Don't Bother Looking for a Place to Rent in DCRoundup
tags: housing, inequality, rent
Rebecca Gordon, a TomDispatch regular, teaches at the University of San Francisco. She is the author of Mainstreaming Torture, American Nuremberg: The U.S. Officials Who Should Stand Trial for Post-9/11 War Crimes and is now at work on a new book on the history of torture in the United States.
In 1937, the American folklorist Alan Lomax invited Louisiana folksinger Huddie Ledbetter (better known as Lead Belly) to record some of his songs for the Library of Congress in Washington, D.C. Lead Belly and his wife Martha searched in vain for a place to spend a few nights nearby. But they were Black and no hotel would give them shelter, nor would any Black landlord let them in, because they were accompanied by Lomax, who was white. A white friend of Lomax’s finally agreed to put them up, although his landlord screamed abuse at him and threatened to call the police.
In response to this encounter with D.C.’s Jim Crow laws, Lead Belly wrote a song, “The Bourgeois Blues,” recounting his and Martha’s humiliation and warning Blacks to avoid the capital if they were looking for a place to live. The chorus goes,
“Lord, in a bourgeois town
It’s a bourgeois town
I got the bourgeois blues
Gonna spread the news all around”
And one verse adds,
“I want to tell all the colored people to listen to me
Don’t ever try to get a home in Washington, D.C.
‘Cause it’s a bourgeois town”
Such affronts, Lead Belly sang, occurred in the “home of the brave, land of the free,” where he didn’t want “to be mistreated by no bourgeoisie.”
There are music scholars who believe that Lead Belly didn’t really understand what “bourgeois” meant. They claim Lomax, later accused of being a Communist “fellow traveler,” provided him with that addition to his vocabulary and he simply understood it as a synonym for “racist.” Personally, I think that, in a few deft verses, Lead Belly managed to show how racism and class stratification merged to make it all but impossible to find a home in Washington, as in so many other places in America.
In the late 1970s, after a period of unemployment, my mother got a job for a year in Washington. We’d lived there while I was growing up, but she hadn’t been back for almost a decade. She was a white middle-class professional and it was still hell finding an affordable place to rent. (She’d been without a job for more than a year.) It would be some time before credit ratings would be formalized, thanks to the financial corporation FICO, producing a model of a standardized credit score for anyone. But her prospective landlords had other ways of checking on her creditworthiness. That she was a divorced woman with no rental history and no recent jobs didn’t make things easy.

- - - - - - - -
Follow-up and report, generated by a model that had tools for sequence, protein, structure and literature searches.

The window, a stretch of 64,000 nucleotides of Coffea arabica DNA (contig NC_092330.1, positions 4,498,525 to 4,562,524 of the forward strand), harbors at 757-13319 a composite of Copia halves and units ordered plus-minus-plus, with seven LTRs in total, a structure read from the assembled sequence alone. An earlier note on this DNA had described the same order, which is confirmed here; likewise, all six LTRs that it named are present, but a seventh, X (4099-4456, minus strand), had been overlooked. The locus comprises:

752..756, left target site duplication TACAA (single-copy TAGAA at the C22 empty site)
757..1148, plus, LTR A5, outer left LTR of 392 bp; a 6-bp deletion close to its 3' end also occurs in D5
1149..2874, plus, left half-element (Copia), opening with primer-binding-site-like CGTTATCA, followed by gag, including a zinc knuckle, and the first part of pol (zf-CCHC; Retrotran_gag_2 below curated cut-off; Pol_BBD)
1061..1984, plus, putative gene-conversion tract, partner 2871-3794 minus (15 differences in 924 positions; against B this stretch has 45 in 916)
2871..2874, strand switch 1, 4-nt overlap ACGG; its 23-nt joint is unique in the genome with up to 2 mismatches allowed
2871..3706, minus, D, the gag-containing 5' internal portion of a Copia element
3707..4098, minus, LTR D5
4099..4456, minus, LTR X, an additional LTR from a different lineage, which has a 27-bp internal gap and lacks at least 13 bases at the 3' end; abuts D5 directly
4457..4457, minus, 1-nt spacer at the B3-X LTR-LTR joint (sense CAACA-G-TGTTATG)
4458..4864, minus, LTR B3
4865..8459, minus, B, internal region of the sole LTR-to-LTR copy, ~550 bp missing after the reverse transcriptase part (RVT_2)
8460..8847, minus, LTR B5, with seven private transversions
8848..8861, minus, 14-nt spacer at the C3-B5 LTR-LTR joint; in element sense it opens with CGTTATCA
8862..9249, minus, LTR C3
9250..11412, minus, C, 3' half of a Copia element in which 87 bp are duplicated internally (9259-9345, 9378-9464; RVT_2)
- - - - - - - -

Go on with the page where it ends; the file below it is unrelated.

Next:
Still, she had her sense of humor. One day during that search, she mailed me an old 45 rpm recording of Lead Belly’s “Bourgeois Blues.” It seemed to perfectly catch her frustrated efforts to escape a friend’s guest room before she wore out her welcome.
I was reminded of that record recently when I read about the travails of Maxwell Alejandro Frost, a new Democratic congressman from Orlando, Florida. Born in 1996, he’s the youngest member of the House of Representatives. He quit his full-time job to campaign for Congress, supporting himself by driving an Uber. When he tried to find a home in Washington, his application for a studio apartment was rejected because of a bad credit score. As Frost tweeted:
“Just applied to an apartment in DC where I told the guy that my credit was really bad. He said I’d be fine. Got denied, lost the apartment, and the application fee.
This ain’t meant for people who don’t already have money.”
Nor, as Lead Belly might have added, for people like Frost who are Black.
Washington, D.C., it seems, remains a “bourgeois” town.